Update on the American Diet
The American diet is not changing quickly as reported in "The Changing American Diet," a series of reports by the Center for Science in the Public Interest which uses data from the U.S. Department of Agriculture to grade the healthfulness of U.S. eaters. This latest report card doesn't look so different from the recent ones issued by the CSPI.
The report shows that we eat slightly less caloric sweetener, whole milk and beef than we did in 2000 -- but also a fair bit more cheese and way more yogurt. We eat less shortening and a lot more oil. We eat more or less the same amount of calories, fruits, vegetables, fruit and seafood. All in all, then, we're eating about as much, and about as healthily, as we were a decade ago.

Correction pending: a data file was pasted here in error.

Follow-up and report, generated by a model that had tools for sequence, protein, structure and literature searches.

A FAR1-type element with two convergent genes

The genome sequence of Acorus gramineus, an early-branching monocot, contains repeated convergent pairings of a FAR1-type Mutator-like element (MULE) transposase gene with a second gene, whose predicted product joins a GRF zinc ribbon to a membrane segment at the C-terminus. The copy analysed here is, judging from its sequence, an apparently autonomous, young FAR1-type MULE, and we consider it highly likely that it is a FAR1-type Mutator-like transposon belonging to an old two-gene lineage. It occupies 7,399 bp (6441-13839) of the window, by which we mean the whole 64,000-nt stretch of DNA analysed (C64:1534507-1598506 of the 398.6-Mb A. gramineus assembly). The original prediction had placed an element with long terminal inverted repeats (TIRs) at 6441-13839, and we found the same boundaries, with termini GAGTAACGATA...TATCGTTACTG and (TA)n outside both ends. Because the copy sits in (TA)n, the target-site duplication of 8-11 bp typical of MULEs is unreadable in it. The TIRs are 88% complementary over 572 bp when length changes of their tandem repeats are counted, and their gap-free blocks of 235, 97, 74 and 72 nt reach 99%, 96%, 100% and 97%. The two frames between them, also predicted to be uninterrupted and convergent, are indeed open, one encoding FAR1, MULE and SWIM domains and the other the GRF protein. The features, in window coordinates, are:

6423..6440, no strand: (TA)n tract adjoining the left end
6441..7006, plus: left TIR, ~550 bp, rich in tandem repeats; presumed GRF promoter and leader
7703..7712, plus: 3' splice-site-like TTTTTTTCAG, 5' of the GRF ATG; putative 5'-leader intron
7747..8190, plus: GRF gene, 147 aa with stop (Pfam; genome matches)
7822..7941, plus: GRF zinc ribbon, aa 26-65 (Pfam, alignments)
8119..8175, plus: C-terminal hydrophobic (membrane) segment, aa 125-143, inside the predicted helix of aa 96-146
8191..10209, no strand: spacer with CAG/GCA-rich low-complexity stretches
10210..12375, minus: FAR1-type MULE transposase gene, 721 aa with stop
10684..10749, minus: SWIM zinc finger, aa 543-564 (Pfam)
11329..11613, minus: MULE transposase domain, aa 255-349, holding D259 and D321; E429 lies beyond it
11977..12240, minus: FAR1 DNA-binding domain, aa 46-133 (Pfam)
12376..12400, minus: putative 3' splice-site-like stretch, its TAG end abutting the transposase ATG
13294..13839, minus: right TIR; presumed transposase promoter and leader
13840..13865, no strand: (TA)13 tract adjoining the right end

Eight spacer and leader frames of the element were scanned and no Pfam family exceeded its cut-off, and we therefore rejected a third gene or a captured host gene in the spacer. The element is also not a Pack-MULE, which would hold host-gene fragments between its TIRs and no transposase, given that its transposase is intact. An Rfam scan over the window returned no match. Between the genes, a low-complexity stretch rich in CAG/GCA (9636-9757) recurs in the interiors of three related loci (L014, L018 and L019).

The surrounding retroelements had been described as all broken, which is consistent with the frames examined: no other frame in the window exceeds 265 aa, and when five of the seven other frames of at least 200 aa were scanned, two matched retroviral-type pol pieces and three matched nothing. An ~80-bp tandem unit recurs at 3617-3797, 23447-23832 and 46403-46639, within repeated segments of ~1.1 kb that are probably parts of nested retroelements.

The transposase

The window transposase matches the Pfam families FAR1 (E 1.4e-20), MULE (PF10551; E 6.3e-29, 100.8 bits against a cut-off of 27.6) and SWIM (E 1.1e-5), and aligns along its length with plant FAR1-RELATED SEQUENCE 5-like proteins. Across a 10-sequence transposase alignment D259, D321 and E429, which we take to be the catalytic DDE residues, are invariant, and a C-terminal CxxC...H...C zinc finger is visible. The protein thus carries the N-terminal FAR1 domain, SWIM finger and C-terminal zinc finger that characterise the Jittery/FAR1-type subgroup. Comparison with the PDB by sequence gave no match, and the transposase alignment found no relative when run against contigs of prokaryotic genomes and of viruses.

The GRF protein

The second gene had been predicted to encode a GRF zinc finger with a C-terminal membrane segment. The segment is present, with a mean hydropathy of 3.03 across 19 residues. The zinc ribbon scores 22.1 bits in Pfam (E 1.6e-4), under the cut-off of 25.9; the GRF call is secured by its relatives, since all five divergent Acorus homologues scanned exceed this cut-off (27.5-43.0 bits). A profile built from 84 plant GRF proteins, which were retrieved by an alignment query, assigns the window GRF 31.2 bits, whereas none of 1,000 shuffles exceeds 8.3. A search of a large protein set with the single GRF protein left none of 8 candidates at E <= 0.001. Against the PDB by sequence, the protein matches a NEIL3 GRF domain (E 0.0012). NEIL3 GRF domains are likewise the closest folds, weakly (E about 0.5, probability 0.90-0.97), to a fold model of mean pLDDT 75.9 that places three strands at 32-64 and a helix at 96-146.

For example, bread, bagels, pasta, crackers, cookies, scones, and muffins are very popular. Americans eat 109 pounds of flour per year. The peak was 116 pounds in 2000. We need to eat more whole grains and cut back on all grains.
Sweeteners have dropped from a high of 89 pounds in 1999. That mirrors the drop in sugarly soft drinks over the last decade. The current 78 pounds is still too high.